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Project Xandata – Get Hyped, Get Sweaty

On a special session held last March 9, 2022, Manila-based outsourcing studio turned game development studio Secret 6 unveiled its plans for Project Xandata, the very first Filipino-made, Filipino-styled first-person shooter game at a press conference called Project Xandata Combine. What started as a passion project from game director Gene Gacho quickly spilled over into a passion project the whole studio shared. Boasting an impressively fast-paced 3v3 experience inspired by classics like Quake and Destiny, Project Xandata aims to blast through the front door and make a bombastic entrance as a flashy, 90s-flavored retro shooter with a futuristic Filipino mold. Get hyped, get sweaty.

Project Xandata will be released on March 22, 2022, on Steam and is currently planned to remain a PC-only title for the time being. Its main competitive mode will be made available at a later date, but its other quick-play and arcade modes will be available at launch.

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Futuristic Filipino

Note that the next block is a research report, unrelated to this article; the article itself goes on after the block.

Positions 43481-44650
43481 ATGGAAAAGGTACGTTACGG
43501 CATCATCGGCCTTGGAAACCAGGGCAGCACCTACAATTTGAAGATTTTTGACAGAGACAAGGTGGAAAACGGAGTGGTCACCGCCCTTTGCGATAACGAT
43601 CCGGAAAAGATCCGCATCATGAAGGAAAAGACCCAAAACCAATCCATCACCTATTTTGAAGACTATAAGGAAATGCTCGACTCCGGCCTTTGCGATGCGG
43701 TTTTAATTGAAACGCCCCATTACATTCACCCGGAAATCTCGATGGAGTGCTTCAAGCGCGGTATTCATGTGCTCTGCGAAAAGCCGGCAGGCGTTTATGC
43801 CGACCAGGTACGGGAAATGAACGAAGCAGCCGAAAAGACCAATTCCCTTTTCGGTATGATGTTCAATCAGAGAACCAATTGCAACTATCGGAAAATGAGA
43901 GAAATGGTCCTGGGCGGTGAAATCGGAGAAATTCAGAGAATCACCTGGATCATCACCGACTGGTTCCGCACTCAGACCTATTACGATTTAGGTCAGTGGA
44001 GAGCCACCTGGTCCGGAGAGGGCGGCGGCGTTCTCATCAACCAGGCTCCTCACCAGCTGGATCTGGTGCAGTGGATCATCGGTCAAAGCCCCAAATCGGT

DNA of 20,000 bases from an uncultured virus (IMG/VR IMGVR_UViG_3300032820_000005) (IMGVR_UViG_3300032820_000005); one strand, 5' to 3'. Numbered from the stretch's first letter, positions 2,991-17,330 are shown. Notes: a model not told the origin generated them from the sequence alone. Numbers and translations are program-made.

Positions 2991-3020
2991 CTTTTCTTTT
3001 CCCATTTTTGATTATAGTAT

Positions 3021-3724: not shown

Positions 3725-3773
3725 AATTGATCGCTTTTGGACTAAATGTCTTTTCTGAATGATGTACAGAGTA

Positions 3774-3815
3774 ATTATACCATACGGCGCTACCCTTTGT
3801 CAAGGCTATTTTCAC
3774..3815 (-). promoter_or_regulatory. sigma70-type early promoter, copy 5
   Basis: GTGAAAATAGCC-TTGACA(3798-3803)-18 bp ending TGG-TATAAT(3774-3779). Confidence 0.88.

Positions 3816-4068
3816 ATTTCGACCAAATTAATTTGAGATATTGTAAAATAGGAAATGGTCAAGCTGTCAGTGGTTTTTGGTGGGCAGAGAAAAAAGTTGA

We wanted to show the world that this developed thing can be developed and be made here in the Philippines. But, it’s also important for us to showcase what the Philippines is kind of like in the world.

Gene Gacho, Game Director

While Project Xandata’s game design takes notes from Quake, Destiny, and Halo, it takes a different approach to most other FPS games through its art direction, drenched with Filipino-imbued culture, names, and background. Its visual design also absorbs motifs and color palettes from the 90s—an era looked back on fondly by many Filipino gamers—with Product Manager Mig Sevilla citing Mega Man as an inspiration for the game’s art style.

Gene Gacho has also emphasized the team’s desire to steer away from the precedent set by other popular FPS games on the market right now by choosing to develop a class-based shooter rather than a hero shooter. While there may be named characters in the world of Project Xandata, Gacho explained that the goal is to make players feel like they ARE their Xandat, letting them find their place in the world of the game.